Lawal: I was scared and I just couldn’t comprehend the fact that I had COVID-19. 

Hamzat Lawal, Activist and COVID-19 survivor.
Hamzat Lawal, Activist and COVID-19 survivor.
Image: Hamzat Lawal

Niyola: "How did I contract it and how many people have I unknowingly infected?“

How did you treat COVID-19?

Ogunbanjo: I started treatment at home before going to a private hospital in Ikoyi [an affluent part of Lagos] and went into a coma as soon as I arrived. The doctor told me later that I had the kind of [COVID-19] case people do not recover from. 

I was in that coma for eight days. My heart and liver were failing; and my pancreas was not producing insulin. On June 13, 2020 — three days after I woke up from the coma — I died for two hours and the fact that I am still alive and able to talk about this is nothing short of a miracle.

Denola Grey, actor and fashion consultant.
Denola Grey, actor and fashion consultant.
Image: Denola Grey

Grey: It was a couple of things — I had a lot of rest, drank a lot of water, took my vitamins, Zinc and also some expectorants before I had a bad cough. I was on antibiotics at first as well, as my immune system was already compromised. 

There is no telling what exactly worked, but viruses tend to run their course so I just had to keep taking my supplements and boosting my immune system. I didn’t sleep with the AC on and slept on my chest for about two weeks.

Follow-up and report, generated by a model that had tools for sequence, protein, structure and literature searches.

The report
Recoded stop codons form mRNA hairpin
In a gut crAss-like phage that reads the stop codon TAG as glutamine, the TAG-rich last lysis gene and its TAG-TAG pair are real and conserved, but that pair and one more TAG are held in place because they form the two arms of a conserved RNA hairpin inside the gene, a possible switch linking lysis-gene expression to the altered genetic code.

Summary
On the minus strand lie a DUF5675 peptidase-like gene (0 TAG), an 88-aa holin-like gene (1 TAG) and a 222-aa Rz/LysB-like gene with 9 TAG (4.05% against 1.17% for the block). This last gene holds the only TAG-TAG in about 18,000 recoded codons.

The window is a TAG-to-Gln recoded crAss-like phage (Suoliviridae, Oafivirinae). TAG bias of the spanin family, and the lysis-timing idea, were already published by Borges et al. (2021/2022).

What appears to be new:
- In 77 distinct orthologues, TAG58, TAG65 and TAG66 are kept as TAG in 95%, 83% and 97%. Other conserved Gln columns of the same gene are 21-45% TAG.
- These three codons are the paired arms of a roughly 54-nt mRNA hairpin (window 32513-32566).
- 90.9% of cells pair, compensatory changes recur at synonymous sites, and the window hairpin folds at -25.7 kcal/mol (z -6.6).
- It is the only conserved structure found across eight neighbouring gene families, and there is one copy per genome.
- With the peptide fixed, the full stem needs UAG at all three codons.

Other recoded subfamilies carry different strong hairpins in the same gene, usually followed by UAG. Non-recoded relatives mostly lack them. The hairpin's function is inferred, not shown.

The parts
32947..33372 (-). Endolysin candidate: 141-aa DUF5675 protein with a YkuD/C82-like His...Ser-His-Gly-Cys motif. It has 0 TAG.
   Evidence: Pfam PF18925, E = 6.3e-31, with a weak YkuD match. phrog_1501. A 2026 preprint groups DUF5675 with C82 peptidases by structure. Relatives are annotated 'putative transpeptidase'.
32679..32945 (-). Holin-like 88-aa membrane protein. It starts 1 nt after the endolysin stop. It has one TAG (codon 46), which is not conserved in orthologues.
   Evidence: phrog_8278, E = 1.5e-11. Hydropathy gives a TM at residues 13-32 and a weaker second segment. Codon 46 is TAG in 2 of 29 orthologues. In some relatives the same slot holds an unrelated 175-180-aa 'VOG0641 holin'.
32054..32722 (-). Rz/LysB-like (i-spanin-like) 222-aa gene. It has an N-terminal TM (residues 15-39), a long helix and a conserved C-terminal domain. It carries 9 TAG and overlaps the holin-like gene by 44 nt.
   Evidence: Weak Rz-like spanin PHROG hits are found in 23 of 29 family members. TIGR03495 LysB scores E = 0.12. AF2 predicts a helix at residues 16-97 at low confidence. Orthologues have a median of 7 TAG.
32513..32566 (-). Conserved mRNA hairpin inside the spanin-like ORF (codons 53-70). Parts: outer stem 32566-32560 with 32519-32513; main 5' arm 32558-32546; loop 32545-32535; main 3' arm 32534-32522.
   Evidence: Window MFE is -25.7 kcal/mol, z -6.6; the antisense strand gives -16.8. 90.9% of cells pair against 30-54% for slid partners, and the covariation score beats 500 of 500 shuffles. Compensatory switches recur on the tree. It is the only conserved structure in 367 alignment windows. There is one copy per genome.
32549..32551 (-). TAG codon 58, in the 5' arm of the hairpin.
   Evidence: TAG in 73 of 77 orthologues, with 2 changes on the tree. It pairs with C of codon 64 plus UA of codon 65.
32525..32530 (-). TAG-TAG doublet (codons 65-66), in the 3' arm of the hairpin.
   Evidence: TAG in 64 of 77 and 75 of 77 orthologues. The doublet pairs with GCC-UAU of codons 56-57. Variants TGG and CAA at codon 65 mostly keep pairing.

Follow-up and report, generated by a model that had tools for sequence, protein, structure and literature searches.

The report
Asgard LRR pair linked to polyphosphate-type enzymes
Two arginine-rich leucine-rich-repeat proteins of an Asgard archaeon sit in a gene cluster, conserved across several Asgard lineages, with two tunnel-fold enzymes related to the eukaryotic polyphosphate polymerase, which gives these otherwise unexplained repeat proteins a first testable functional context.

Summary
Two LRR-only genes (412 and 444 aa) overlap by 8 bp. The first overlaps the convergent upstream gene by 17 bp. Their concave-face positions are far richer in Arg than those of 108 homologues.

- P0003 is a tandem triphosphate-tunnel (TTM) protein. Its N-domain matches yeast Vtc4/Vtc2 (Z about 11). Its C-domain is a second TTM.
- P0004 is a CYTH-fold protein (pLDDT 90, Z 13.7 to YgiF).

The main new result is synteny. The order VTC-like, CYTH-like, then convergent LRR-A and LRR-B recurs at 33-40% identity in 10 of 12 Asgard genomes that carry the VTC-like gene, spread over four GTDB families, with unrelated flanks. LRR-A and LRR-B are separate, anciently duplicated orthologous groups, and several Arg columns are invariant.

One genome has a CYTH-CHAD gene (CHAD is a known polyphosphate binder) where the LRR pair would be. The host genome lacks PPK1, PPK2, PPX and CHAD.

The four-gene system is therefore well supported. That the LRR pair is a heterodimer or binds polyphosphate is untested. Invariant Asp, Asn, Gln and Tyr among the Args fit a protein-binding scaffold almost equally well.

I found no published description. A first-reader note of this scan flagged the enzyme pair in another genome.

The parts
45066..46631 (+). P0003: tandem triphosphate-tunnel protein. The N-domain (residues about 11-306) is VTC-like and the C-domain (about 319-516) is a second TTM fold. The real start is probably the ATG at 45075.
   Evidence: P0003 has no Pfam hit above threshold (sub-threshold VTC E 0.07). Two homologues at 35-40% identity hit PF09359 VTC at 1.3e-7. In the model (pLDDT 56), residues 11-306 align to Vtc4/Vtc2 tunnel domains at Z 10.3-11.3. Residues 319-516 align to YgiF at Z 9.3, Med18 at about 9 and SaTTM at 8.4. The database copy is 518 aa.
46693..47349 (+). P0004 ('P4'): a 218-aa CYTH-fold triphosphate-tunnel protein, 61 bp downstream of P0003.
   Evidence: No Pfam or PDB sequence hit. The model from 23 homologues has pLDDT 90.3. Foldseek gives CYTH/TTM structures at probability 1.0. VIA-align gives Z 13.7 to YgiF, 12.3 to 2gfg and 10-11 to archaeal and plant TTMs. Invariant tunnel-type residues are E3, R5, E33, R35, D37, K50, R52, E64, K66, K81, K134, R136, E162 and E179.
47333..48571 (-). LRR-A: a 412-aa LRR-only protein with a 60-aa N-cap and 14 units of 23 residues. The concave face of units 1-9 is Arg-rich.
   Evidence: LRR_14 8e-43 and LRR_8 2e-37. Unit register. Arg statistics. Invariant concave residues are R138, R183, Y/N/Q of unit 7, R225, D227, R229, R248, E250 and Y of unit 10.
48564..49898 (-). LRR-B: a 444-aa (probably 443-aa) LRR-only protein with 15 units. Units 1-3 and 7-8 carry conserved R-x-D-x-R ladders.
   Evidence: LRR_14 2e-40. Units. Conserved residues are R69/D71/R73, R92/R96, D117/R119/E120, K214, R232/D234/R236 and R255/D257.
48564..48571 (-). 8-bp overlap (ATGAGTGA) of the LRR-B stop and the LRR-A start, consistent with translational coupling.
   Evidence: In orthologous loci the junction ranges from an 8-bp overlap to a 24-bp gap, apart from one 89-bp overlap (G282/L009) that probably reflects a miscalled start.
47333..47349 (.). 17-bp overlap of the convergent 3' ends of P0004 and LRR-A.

What was the financial burden of treating COVID-19 on you?

Ogunbanjo: I can’t give specific figures but I am just so thankful that I had a great support system and people around me. For example, oxygen at the hospital cost N25,000 (~$65) per hour. 

Some of the drugs I still have to take can cost as much N450,000 ($1,180) and the liver medication I take — which the doctors estimate I’ll still need to take for at least another two years due to the damage to my liver — costs anywhere between $1,300 and $1,700 for 30 tablets. 

I also had a live-in nurse for about eight months so you can imagine just how expensive treating this disease was. 

Aderinola Odugbesan-Thomas (aka Derin from Isale Eko), Lifestyle Influencer and COVID-19 survivor.
Aderinola Odugbesan-Thomas (aka Derin from Isale Eko), Lifestyle Influencer and COVID-19 survivor.
Image: Aderinola Odugbesan-Thomas

Odugbesan-Thomas: The financial burden was actually a lot — till now (two weeks after testing negative, at the time of this interview) I'm still spending money trying to get my body back in shape. So far, I've spent more than ₦600,000 ($1,574).

Have there been after effects since you tested negative? 

Ogunbanjo: I couldn’t bathe for the longest time and I had shortness of breath, fevers, brain fog, and memory lapses. Now, nine months later, I feel like I’m 95% better.

Odugbesan-Thomas: Yes, as of now I still have dizzy spells, fatigue, and body aches.

Makinwa: Tiredness is the only thing I’ve felt. I felt so useless at some point because I was always tired.

Grey: 100%. I tested negative on Dec. 12, 2020 and recently again because I’m back on set but I still have what I call “tired days” where the fatigue is literally so much that I can’t get out of bed.